Featured Poet: John Reinhart
An arsonist by trade, John Reinhart spends his spare time gluing things together. He lives on an urban farmlette in Colorado with his wife and three children.
His inkwell is in the eye socket of a human skull, drawing dandelion explosions, a million little heart attacks at a time; his words collapse on empty leaves blown brown, lifeless, awaiting resurrection, their asthmatic trees crying.
His poems grow between the cracks in his fascination with humanity’s interaction with nature. Ralph Waldo Emerson claimed that the universe is composed of nature and soul, and yet this binary Aristotelianism has always seemed too simplistic to him. “The universe radiates Antonio Machado’s ‘third thing,’ that which rests between living and dreaming: Schrödinger’s cat is neither dead nor alive until we try to feed it mice, name it “Fluffy,” or scratch its belly,” Reinhart claims. If a tree falls in the forest and there is no one around to hear it, then the tree never existed, need never to have existed, and need never exist, he goes on to say, for there is no transparent eyeball listening to the universe’s discordant harmonies.
Frugal, he claims to have only ever smoked second hand, preferring the wafting tendrils from bloodstained manuscripts. He eats from garbage bins and even his literary tastes are directed by what he can find in corner Free Libraries, where he first encountered Dan Fante, Abigail Thomas, and a book called Sexual Positions for the Knee Patient. These communal beacons have yielded bouquets of Ursula K. LeGuin, Ron Roy, Paul Goodman, Edward Abbey, Gary Reilly, Jean-Dominique Bauby, and many others.
A Featured Contributor at the Songs of Eretz Poetry Review, Reinhart’s work has been nominated for the Rhysling and Dwarf Stars Awards, won Poetry Nook’s weekly contest seven times. He was recently awarded the Dark Poetry Scholarship from the Horror Writers Association. His poems and short works have been published internationally in print and online.
Finally, even though he didn’t confess to it in his bio, we discovered John is also quite the musician. You’ll want to hear him play fiddle, guitar, vocals, and kazoo on Redeemed by Four Strings, trust us.
Horrific Punctuation is a mini chapbook addressing what many of us realized early in grade school: punctuation is horrific. The intersection of Reinhart’s parallel lives as a high school English teacher and sci-fi poet, this chapbook is part of the Tiger’s Eye Press Infinities series, where each chapbook features eight poems. Featured here are poems about ellipses, commas, the slash, semi-colons, colons, and the period, along with the Rhysling Award nominated Attack of The Saurus.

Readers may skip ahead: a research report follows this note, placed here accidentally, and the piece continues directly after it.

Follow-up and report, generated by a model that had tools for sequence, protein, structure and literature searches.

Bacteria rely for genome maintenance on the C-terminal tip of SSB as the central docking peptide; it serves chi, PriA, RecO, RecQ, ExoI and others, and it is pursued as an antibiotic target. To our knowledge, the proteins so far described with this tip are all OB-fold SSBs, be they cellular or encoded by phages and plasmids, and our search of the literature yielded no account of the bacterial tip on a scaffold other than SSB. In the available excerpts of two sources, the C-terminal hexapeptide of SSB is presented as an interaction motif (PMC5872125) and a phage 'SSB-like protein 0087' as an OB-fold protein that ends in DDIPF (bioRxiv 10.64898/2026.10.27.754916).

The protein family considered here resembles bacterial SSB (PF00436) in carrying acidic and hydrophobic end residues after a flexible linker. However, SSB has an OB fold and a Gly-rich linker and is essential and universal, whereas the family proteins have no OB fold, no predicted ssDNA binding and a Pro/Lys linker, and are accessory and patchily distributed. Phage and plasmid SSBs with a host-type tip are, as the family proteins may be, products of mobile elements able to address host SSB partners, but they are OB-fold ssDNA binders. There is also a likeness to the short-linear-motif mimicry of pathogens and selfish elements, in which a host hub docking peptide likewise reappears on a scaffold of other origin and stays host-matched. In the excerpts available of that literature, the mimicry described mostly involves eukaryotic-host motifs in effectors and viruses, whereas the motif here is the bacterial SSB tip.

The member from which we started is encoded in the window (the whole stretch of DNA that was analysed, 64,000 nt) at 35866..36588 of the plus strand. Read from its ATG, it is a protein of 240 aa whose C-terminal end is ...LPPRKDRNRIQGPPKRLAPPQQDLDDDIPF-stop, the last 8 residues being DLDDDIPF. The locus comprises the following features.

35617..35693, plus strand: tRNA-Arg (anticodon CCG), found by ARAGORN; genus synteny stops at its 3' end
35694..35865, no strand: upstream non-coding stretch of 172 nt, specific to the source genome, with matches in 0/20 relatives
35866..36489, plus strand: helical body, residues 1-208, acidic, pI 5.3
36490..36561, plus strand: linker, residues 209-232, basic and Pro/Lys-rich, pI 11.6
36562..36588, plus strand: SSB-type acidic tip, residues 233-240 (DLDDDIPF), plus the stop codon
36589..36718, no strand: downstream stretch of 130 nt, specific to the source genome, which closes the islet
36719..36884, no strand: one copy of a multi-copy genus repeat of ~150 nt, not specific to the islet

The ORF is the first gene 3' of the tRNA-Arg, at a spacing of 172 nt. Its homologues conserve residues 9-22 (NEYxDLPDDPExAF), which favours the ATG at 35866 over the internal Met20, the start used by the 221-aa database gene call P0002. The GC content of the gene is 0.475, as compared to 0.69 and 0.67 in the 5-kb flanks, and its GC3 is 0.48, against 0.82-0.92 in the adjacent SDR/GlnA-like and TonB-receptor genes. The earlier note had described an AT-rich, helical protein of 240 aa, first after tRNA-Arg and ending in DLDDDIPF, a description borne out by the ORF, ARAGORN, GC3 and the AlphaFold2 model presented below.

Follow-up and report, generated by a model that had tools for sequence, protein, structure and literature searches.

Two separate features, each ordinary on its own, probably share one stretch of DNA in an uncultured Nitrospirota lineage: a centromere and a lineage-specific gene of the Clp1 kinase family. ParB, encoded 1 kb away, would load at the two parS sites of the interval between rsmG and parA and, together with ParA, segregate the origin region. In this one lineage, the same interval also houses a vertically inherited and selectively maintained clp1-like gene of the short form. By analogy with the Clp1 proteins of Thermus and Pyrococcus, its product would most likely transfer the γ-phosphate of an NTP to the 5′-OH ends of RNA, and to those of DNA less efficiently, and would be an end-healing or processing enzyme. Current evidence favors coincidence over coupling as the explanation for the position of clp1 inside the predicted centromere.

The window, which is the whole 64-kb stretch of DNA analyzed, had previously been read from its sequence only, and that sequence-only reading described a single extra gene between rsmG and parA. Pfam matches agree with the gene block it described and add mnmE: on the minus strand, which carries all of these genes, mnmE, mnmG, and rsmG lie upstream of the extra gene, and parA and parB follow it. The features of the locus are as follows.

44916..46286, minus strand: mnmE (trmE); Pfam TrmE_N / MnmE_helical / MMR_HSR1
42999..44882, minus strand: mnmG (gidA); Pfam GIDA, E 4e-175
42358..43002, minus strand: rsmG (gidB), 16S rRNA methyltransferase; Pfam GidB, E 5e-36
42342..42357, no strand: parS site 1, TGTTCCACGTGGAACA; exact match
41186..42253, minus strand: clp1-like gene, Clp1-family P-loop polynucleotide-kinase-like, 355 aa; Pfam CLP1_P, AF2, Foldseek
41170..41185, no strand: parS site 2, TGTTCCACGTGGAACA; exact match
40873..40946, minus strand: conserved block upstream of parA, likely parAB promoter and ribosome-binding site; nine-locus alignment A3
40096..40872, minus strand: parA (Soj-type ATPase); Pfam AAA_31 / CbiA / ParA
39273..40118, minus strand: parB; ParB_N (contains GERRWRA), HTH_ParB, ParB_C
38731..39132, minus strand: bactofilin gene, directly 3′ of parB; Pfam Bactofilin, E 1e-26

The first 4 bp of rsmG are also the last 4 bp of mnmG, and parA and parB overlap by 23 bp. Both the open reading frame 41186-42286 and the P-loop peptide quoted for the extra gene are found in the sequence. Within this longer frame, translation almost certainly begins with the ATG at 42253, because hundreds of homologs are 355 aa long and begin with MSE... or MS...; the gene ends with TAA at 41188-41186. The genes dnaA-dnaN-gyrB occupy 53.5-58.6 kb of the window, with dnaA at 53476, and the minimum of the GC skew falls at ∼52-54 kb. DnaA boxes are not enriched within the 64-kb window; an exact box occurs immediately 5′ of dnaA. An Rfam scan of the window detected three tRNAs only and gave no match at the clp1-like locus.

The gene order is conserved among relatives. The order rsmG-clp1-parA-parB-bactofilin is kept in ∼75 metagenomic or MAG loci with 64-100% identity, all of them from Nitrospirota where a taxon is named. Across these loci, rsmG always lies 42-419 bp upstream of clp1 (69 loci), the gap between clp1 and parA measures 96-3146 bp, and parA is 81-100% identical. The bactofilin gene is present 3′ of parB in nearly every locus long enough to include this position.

Reinhart has dedicated the 24 poems in “encircled” to all the people who encircle him, especially his wife and children, and the spark of recognition we share when we shake a stranger’s hand. These narrative poems focus on his family, but also his friends, colleagues, neighbors, and students – the folks who make up his community. The poems range from short and humorous reflections on his daughter using the urinal at the amusement park, to ponderous soul searching about the child who died under suspicious circumstances across the street, the stories of dreams and loss, simple waves and deep connections that make up each of our daily lives.
If you would like to become a Featured Poet please see our submissions page.
before I left town, a friend gave me
a hand sewn scarf and an umbrella,
neither of which I owned,
for both of which I was exceptionally
at 18 I received a watch
from my father, a little too fancy
for me, but some symbol
of responsibility, adulthood,
after only one winter in New England
my father took me shopping
for a new winter coat, in August –
looking for an army-navy surplus
the umbrella lasted less than a year
(I cannot even remember down
what hole it vanished) and the scarf
fell behind in Belgium, a sad
oversight long since replaced,
leaving some Belgian one scarf
16 years later, the watch is long gone,
dropped by a pond between a series
of odd jobs and the promise
of grad school
the coat, still going strong after
16 years, now worn at the cuffs,
carries the warmth of that August
lifetimes ago, hunting coats with